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Parent Coffees: Applying the Research

Ann Know, Principal, American School of Rio de Janeiro

Many parents want to be involved in the education of their child. Research tells us the earlier they are involved the better, and it also tells us that the most effective forms of parent involvement are those which engage parents in working directly with their children on learning activities at home (Cotton and Wikelund). In my experience as a middle and elementary principal, involving parents in meaningful conversations and sharing strategies that they find relevant can solidify a partnership, creating lasting positive effects for all.

I find that this positive involvement guides and shapes their participation. Sometimes, topics that educators are immersed in for years are not consistently translated into usable information for parents. Because we are so immersed, some of it seems too basic to share. Parents who do not work in education do not have many of these educational basics but will eagerly act on information shared. If educators and administrators take the time to sift through some of the important topics in our community and analyze possible next steps to promote deeper involvement, it can have an impact both on outcomes and community climate.

However, it is not always easy to establish the venues for these conversations to occur. And even with the correct venue, the way information is shared can enlist or repel the parent population. There is one venue I have found particularly effective: Parent Coffee presentations.

While there is no shortage of research and information on parent involvement, I believe some how-to basics are not as well addressed in the literature. The best research in the world is not necessarily helpful if it does not have the logistical planning element to apply it effectively. At the Escola Americana do Rio de Janeiro we have been providing at least quarterly “Coffee with the Principal” sessions. I utilize parent feedback and relevant parent-friendly research to plan topics, then I create interactive sessions that will engage them in the material. This is just one part of our communication plan, and it is one of the most important tools for garnering support and proactive involvement.

Here are some important logistics that have helped me to apply the research for our population: 1. Topic selection: Topics need to be organically developed based on the current needs of the parent community. For starters, a large-scale survey is not necessary. Instead, start with the PTA. Ask an open question but have a few topics ready to suggest. Ideally, at least a couple of the presentations may be sensitive to larger school goals (character education, curriculum areas of focus, etc.).

2. Presentation: Utilize best practices in teaching to engage parents. Have written and verbal information, but also have visuals, planned interactions in small groups or pairs, one or more activities to deepen their understanding or provide an experience, provide questions for discussion, and allow Q & A..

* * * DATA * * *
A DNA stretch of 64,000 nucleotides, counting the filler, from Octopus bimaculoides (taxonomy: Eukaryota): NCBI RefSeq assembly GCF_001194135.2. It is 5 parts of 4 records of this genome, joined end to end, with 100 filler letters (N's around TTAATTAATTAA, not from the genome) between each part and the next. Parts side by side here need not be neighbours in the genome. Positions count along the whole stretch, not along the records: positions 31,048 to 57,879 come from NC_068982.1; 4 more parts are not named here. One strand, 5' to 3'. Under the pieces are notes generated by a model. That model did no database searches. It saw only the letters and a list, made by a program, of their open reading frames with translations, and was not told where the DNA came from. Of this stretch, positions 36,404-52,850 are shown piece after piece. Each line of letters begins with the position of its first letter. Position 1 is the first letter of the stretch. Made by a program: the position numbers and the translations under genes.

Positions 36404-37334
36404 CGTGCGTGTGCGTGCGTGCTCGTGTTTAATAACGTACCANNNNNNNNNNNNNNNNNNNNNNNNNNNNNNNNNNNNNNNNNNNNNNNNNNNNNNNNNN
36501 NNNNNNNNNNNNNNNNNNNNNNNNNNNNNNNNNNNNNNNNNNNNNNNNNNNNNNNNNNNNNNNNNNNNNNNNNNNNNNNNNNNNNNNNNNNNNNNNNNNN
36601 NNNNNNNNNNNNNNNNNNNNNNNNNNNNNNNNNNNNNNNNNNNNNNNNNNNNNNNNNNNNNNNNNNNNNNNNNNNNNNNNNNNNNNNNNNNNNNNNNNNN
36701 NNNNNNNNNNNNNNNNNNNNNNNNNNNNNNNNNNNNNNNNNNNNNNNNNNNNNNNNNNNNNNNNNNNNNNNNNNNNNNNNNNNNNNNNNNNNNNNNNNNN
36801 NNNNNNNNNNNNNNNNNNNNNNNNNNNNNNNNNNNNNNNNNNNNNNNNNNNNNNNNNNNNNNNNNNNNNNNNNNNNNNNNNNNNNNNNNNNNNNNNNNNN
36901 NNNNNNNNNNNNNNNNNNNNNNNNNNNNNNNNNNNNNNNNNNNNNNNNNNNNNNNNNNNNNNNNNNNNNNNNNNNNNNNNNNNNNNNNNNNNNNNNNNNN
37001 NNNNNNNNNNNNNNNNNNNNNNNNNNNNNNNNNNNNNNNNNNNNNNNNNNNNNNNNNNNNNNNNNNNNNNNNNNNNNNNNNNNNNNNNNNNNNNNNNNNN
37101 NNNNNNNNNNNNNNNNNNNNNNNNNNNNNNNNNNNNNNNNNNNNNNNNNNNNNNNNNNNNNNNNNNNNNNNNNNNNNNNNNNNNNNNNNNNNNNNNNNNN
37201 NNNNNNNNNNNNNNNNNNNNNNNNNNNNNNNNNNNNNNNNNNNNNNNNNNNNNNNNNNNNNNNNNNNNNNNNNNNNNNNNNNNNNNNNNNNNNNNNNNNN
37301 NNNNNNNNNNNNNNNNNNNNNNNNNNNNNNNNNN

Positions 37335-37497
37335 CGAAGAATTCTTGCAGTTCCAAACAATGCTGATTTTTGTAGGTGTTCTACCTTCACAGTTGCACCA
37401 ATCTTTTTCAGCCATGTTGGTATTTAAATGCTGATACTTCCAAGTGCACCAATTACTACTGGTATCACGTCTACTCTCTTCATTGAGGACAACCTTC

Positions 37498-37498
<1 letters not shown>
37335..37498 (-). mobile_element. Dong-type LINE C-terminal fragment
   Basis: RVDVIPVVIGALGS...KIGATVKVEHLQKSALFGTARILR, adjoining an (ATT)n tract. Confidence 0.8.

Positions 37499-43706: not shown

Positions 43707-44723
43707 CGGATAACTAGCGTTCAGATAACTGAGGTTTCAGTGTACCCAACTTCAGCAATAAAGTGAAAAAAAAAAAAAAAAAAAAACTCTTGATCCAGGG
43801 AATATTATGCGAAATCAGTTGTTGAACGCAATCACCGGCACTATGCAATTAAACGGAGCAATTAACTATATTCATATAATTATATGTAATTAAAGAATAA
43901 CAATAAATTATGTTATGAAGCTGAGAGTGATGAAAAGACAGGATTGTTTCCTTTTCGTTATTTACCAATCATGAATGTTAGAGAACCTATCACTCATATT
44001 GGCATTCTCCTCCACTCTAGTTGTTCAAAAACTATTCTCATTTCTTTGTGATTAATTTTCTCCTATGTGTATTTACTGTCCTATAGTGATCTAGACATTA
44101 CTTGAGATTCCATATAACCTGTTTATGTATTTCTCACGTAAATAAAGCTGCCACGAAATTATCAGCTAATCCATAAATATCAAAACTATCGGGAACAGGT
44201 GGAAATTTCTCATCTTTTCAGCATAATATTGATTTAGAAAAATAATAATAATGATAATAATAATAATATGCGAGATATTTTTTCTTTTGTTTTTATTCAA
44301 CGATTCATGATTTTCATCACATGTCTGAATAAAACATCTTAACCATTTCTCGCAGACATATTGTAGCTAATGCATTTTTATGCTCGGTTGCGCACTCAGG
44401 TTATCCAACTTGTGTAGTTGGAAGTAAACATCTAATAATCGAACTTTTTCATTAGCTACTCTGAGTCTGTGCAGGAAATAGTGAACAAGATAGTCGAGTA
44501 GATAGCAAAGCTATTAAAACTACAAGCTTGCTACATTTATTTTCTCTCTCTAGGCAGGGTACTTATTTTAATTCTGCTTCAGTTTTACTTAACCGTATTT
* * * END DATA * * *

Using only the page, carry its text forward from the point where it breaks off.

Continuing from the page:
3. Feedback: Utilize a variety of methods to get feedback in order to adjust future presentations and set topics. I use survey monkey, the PTA and I strike up conversations at dismissal time to gather more informal feedback.

At the most recent event, I presented information on the power of praise (How Not to Talk to Your Kids: The inverse power of praise by Po Bronson) and the importance of cultivating character qualities such as grit (What if the Secret to Success is Failure? by Paul Tough). Because much of my parent population is not native English speaking, I prepared excerpts of the articles. The presentation included “turn and talk” where parents were able to share kinds of praise they typically utilize. Then I presented the research and the recommendations, after which parents were asked to practice and explore the concept of praise and help each other select specific phrases that promote effort.. When we moved further into the presentation and I shared information on grit and how they can help foster this quality in their children. To better understand it from their own vantage point, I provided a short test on grit which they took and scored.

These two articles went well together in terms of providing parents with some specific information and skills that they could act on which could make a significant difference in their children.

The feedback I received was positive, and the resulting conversations at drop-off, pick-up and community events are also productive and positive. The Parent Coffee venue has been a positive forum to share relevant research and initiatives with parents, to provide specific kinds of support that can help their child to succeed, and to firmly establish a commitment to a parent partnership that will make a difference.

Cotton, K., Wikelund, K., Northwest Regional Educational Laboratory, School Improvement Research Series. In Parent Involvement in Education.

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